The Returns

Perhaps the most interesting development for me has been the influx of quality players in this tournament that don’t come from the NHL. Gone are the days that the players from Europe are guys who couldn’t make it as NHL role players. Many of the KHL guys could be successful NHL players. Only two (won’t say names yet) would be stars, but many could hold a spot on a roster. In 2006, before the Kontinental league became a success, I don’t think that this was the case. Now, half of the Russian team plays close to home, and not because they have to.

The two most intriguing figures that make up this group of non-NHLers are familiar faces. Peter Forsberg and Jaromir Jagr are both making their returns to North America, after a couple of years on the continent, Jagr playing for Omsk in Russia, and Forsberg, who is with Modo in Sweden, both left a couple of years before they were done playing, and have enjoyed a level of success in Europe.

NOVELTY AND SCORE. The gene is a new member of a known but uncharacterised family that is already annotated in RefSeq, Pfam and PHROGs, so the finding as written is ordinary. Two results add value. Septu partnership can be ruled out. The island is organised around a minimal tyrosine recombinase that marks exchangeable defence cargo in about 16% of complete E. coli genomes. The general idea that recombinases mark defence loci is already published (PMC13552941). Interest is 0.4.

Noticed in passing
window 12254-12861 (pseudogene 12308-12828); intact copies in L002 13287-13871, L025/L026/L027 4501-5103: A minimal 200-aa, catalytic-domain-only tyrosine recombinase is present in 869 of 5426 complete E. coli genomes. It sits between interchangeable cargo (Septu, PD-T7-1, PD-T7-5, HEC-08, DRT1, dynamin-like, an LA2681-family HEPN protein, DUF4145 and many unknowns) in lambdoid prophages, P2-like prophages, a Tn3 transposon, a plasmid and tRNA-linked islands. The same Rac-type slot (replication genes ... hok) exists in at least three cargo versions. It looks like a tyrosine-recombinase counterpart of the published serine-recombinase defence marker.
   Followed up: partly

Because they share a circumstance, they have been lumped together in much of the Olympic coverage, although I don’t think that they should be. Jagr has looked great in this tournament. He is playing at a high level in the K, and was the best player on the ice in my opinion for the Czechs against the Slovakians. Should he chose to play in the NHL again, I think Jagr could be a successful player steside once again, although at 38, the clock is ticking.